How Emancipation Works.

   The staple objections to emancipation used to be: first, that the negroes would be idle and dissolute, and that the South would thus be overrun with lazzaroni and robbed of its main industrial support; second, that the negroes would all go North and injuriously compete with white labor; third, that in any case they would be an incumbrance and a trouble. Posterity will smile at these puerile and inconsistent pretexts for perpetuating the foulest wrong known to human annals, and will wonder how an intelligent people were so long deceived into accepting them as sound arguments. The wonder will be greater when it is remembered that slavery was justified by its champions as a civilizing institution in the very breath which declared that the subject of this civilizing process would graduate from it indolent and vicious vagabonds. The opponents of progress and human rights have in all ages exhibited a like self-stultifying inconsistency. It is always easier to put more difficulties in the way of removing than of retaining a wrong. At present we have no business with these errors except to show how rapidly events are exposing them to be such.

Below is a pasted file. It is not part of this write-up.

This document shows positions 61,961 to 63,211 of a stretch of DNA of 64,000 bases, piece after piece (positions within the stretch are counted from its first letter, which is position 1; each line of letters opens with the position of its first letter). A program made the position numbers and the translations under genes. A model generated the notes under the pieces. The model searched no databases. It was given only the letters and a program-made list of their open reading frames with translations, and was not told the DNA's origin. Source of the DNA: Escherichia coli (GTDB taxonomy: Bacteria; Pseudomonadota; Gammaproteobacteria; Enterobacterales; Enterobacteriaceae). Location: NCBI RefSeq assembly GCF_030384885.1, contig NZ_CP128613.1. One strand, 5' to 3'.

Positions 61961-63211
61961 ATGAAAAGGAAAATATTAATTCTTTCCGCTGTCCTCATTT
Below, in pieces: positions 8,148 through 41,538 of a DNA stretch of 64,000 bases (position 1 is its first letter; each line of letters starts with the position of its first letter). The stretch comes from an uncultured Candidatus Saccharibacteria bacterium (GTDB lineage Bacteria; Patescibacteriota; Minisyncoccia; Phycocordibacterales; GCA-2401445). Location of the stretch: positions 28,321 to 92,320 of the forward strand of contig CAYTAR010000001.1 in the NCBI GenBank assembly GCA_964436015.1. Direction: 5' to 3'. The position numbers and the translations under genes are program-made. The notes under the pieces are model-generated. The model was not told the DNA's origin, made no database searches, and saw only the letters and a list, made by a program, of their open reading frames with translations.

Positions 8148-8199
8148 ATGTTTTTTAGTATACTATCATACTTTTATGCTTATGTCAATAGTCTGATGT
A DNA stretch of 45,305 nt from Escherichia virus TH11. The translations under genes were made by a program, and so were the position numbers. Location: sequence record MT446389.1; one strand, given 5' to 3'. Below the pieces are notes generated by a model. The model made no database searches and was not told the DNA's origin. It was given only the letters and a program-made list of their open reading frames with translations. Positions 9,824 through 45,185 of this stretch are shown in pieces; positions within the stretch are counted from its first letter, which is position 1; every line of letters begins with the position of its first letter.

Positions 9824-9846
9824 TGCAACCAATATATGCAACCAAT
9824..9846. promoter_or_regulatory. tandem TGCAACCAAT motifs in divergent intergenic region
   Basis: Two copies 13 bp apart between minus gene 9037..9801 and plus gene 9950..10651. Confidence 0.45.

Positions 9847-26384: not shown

Previous to the outbreak of the war which has made speedy and universal emancipation inevitable, a majority of the most earnest friends of freedom were of opinion that a sudden loosening of the bonds of the slave would be attended temporarily by the most disastrous results; but if bad results have followed emancipation anywhere, they sink into insignificance compared with the vast evils of civil war, and are seen to be merely temporary. They have been occasioned by circumstances and conditions incident to a state of war, are not attributable to defects in the character of the freedmen, and cannot therefore be urged as objections to emancipation. It has been found difficult, for instance, to utilize the labor of freedmen in districts liable to frequent harassments from a vindictive and cruel enemy, and where the experiment had to rely upon the protection of military camps; but in districts undisturbed by the enemy the freedmen allotted to plantations which they could till for their own advantage, and afforded opportunities to become owners of land, have proved to be industrious, thrifty, moral, and ambitious to acquire knowledge. Although willing and often anxious to fight against the rebellion, and making excellent soldiers, they have exhibited none of that cruel and revengeful disposition which, with a keen sense of the natural workings of oppression, was attributed to them in advance by those who best knew how much cause they had to be revengeful. The absence of this trait as a ruling motive in the character of the Southern negro has relieved the country of a great anxiety, and materially simplified the problem of emancipation, while it has nearly silenced the opposition.